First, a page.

The action was modest through the first two days of the Winter Meetings in Lake Buena Vista, Fla., with a couple of secondary-type signings taking place, as well as the interesting three-way trade between the Angels, Diamondbacks and White Sox.
There figure to be at least a few more transactions before the Meetings disband, however, as the Orioles were reportedly on the verge of making a notable free-agent signing on Tuesday night, while the Marlins were reportedly motivated to make a trade and were getting plenty of interest from potential suitors.
Here are six moves that I could see going down before the all the sun bathing wraps up and everyone heads back to the cold-weather regions being pounded by snow and rain. Not that I'm jealous or anything.
It seems like a matter of when, not if, the Marlins will unload first baseman/outfielder Logan Morrison. They've already signed his likely replacement in Garrett Jones, and have told other teams that they're looking to move Morrison soon, Ken Rosenthal of FOX Sports.com tweeted Monday.
Well, the Marlins don't seem to be playing coy with respect to their desire to rid themselves of Lo-Mo. Perhaps that's not surprising since he seems to have fallen out of favor after failing to live up to expectations and engaging with the team in a public feud a couple years back over his demotion to the minor leagues.
Despite his inconsistencies and his propensity to get injured, Morrison is still young, cheap and capable of playing multiple positions. Thus, several teams looking to acquire a low-salary first baseman or corner outfielder should be interested. The Pirates, Rays, Brewers and Orioles fit that bill, and the Mets would make sense if they unload Ike Davis.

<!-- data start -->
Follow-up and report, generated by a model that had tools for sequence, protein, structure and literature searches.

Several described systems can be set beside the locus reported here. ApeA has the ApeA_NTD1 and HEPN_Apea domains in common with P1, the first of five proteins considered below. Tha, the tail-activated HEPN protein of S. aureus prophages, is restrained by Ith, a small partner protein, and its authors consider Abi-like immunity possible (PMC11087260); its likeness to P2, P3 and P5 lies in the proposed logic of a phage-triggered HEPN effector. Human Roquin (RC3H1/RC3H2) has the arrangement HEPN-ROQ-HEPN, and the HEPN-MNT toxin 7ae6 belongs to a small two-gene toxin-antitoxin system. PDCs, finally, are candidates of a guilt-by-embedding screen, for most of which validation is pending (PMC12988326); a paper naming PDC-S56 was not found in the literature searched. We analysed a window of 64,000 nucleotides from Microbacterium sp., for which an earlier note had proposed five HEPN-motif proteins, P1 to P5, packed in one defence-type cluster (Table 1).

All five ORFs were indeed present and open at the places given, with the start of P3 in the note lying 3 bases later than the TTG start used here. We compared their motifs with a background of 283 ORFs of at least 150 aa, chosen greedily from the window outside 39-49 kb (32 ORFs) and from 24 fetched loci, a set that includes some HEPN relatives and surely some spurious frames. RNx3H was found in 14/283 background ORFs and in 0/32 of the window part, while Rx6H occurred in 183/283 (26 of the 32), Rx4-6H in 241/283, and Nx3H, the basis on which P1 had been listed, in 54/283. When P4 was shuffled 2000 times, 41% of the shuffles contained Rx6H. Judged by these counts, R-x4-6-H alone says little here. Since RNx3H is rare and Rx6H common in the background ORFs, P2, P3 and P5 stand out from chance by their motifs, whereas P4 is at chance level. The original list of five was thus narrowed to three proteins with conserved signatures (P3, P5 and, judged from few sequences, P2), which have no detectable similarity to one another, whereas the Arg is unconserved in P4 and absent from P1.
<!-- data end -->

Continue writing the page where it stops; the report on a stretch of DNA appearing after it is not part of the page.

The Orioles have emerged as the likely landing spot for free-agent reliever Grant Balfour. The sides have discussed parameters of a deal, Roch Kubatko of MASN.com tweeted on Tuesday. Such talks are typically the prelude to an agreement, Kubatko explained in that same tweet.
This is something of a head-scratcher to me. Unless the O's end up getting Balfour at a steep discount, I don't see why they didn't simply hold onto Jim Johnson. I'm guessing Balfour will end up with a two-year deal in the range of $16 million, which is about fair, dollars to wins. But the Orioles could have kept Johnson for one year and about $10 million, so it seems like they will have done a lot of legwork with a pretty modest payoff: an extra year of an comparable pitcher, at a slightly smaller annual salary. Meh.
It would make sense on a lot of levels for the Brewers and Hart to reunite. The Brewers need a first baseman, probably a cheap one, and, in my opinion, Hart needs a one-year deal to re-establish his value after a year off. Plus, I'm assuming the Brewers have been able to monitor his health situation closely over the past year, so they should have a clearer idea of where he is physically than any other team. It's kind of a devil-you-know situation for both sides.